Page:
Current research shows that a child's experiences in the first years of life have a profound impact on educational, social and economic outcomes. To support children in their earliest years of development, voters passed a statewide ballot initiative called Proposition 10 in November of 1998.
The initiative created a First 5 Commission in every California county and a statewide Commission, First 5 California. Prop 10 adds a 50-cent-per-pack tax on cigarettes, and generates approximately $500 million annually. The monies collected are used to fund education, health and child care programs that promote early childhood development, from prenatal to age five. Programs are funded at the county level to best meet local needs as determined by each county. The intent is for all California children to be healthy, to live in a healthy and supportive family environment and to enter school ready to learn.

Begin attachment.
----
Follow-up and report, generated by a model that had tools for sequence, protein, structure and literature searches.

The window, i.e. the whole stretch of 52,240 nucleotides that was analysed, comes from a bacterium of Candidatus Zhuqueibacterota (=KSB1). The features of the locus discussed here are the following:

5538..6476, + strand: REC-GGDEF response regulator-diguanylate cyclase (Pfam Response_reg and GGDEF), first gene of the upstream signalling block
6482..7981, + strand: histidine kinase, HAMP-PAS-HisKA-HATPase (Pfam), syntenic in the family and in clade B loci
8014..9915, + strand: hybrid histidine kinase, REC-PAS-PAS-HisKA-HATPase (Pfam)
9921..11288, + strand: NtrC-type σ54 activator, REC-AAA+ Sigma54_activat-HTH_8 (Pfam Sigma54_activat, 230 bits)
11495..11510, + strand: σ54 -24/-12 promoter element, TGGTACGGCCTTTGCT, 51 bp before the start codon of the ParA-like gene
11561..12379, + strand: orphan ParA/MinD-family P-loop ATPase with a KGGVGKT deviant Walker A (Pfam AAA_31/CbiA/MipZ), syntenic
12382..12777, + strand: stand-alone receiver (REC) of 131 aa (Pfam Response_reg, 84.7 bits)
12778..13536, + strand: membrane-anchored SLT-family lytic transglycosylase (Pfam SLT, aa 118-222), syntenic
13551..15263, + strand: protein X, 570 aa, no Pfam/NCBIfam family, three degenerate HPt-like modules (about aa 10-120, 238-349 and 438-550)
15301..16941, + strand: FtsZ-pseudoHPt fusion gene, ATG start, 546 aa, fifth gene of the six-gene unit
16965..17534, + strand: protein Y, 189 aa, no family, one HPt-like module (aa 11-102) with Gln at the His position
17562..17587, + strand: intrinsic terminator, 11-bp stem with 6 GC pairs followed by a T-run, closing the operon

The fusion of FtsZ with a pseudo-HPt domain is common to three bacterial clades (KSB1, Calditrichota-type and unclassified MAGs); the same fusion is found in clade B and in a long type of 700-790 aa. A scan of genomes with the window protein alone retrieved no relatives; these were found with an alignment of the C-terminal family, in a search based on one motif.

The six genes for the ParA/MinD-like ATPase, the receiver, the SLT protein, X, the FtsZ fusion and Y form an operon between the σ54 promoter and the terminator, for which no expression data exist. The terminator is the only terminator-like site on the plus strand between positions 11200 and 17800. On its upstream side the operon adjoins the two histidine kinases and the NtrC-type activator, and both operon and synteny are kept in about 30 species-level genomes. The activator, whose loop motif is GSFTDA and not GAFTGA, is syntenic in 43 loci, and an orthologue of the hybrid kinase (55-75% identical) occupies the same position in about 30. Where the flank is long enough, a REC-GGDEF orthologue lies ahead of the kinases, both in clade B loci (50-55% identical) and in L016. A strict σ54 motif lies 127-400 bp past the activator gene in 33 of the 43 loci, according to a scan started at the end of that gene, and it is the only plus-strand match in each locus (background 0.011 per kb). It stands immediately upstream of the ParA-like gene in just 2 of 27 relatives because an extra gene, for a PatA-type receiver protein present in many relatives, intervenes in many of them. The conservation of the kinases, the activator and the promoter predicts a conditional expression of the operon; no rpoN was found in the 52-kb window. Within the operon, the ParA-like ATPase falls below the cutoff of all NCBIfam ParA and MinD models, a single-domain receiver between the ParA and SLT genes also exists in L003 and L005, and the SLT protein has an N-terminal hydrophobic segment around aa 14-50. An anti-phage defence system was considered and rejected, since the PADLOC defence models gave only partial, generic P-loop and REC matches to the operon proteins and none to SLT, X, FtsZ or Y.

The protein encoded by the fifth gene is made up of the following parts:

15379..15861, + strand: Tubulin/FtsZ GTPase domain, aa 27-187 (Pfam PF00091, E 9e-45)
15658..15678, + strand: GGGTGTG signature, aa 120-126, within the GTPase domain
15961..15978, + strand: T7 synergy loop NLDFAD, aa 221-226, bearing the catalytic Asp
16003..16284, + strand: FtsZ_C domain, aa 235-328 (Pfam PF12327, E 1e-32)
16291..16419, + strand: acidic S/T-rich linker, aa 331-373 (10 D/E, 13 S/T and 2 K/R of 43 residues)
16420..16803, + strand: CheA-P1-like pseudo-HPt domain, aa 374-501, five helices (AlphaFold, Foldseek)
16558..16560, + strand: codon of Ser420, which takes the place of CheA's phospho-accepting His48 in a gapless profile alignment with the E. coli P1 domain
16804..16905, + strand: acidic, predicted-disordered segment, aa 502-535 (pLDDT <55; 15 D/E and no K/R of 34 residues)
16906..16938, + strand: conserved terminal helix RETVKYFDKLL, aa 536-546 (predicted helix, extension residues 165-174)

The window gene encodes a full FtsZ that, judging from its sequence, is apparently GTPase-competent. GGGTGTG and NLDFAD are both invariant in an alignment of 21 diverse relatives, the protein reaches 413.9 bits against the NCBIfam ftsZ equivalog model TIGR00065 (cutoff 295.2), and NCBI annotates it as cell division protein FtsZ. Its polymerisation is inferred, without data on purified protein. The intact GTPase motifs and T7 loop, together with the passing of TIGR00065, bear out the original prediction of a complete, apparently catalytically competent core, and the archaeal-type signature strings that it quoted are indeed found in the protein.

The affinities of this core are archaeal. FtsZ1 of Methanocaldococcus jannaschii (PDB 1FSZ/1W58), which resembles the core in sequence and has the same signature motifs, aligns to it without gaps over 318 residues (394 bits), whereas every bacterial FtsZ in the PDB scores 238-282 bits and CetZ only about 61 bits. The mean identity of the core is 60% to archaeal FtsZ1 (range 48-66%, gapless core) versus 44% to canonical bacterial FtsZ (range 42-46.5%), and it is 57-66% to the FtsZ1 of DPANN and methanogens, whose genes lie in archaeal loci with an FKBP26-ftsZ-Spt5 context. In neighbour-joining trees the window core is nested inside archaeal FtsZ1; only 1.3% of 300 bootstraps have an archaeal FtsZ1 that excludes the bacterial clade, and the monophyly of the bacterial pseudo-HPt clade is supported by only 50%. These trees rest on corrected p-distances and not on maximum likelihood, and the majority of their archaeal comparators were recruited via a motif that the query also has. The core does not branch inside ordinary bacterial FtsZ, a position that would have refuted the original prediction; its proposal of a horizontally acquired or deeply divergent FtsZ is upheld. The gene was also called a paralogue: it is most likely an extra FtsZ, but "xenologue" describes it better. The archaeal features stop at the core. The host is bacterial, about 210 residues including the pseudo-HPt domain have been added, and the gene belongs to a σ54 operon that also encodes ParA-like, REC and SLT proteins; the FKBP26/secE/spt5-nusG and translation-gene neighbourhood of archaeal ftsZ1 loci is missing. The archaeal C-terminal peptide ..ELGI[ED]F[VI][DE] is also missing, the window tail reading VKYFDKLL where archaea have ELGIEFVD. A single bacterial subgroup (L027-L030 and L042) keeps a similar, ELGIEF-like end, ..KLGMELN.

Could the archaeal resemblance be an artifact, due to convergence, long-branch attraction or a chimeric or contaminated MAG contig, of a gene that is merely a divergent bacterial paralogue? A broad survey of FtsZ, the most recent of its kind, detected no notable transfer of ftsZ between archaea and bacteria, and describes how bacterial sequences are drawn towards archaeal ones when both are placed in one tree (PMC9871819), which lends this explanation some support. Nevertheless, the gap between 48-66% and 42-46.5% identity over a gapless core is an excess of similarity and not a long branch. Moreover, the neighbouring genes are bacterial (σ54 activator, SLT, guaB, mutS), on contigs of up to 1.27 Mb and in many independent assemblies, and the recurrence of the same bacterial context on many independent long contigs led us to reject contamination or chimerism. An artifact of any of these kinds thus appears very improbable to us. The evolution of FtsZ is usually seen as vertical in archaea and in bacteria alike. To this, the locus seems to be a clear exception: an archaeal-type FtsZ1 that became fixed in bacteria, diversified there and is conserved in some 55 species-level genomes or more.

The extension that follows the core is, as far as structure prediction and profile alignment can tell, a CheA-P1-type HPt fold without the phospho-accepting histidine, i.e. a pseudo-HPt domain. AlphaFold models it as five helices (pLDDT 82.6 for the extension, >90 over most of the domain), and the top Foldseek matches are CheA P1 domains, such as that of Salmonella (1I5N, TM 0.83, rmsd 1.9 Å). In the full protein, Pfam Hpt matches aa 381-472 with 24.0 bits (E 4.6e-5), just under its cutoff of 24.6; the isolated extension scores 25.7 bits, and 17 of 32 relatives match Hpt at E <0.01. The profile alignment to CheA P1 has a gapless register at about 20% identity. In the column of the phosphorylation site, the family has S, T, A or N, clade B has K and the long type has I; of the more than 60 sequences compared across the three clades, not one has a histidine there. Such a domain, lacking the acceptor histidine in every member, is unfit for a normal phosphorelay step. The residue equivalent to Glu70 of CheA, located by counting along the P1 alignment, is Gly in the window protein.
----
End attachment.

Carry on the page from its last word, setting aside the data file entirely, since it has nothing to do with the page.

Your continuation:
All revenue generated by Prop. 10 is collected in the California Children and Families Trust Fund Account, set up within the State Treasury.
The revenue generated from Prop. 10 will supplement the limited number of existing early childhood development programs.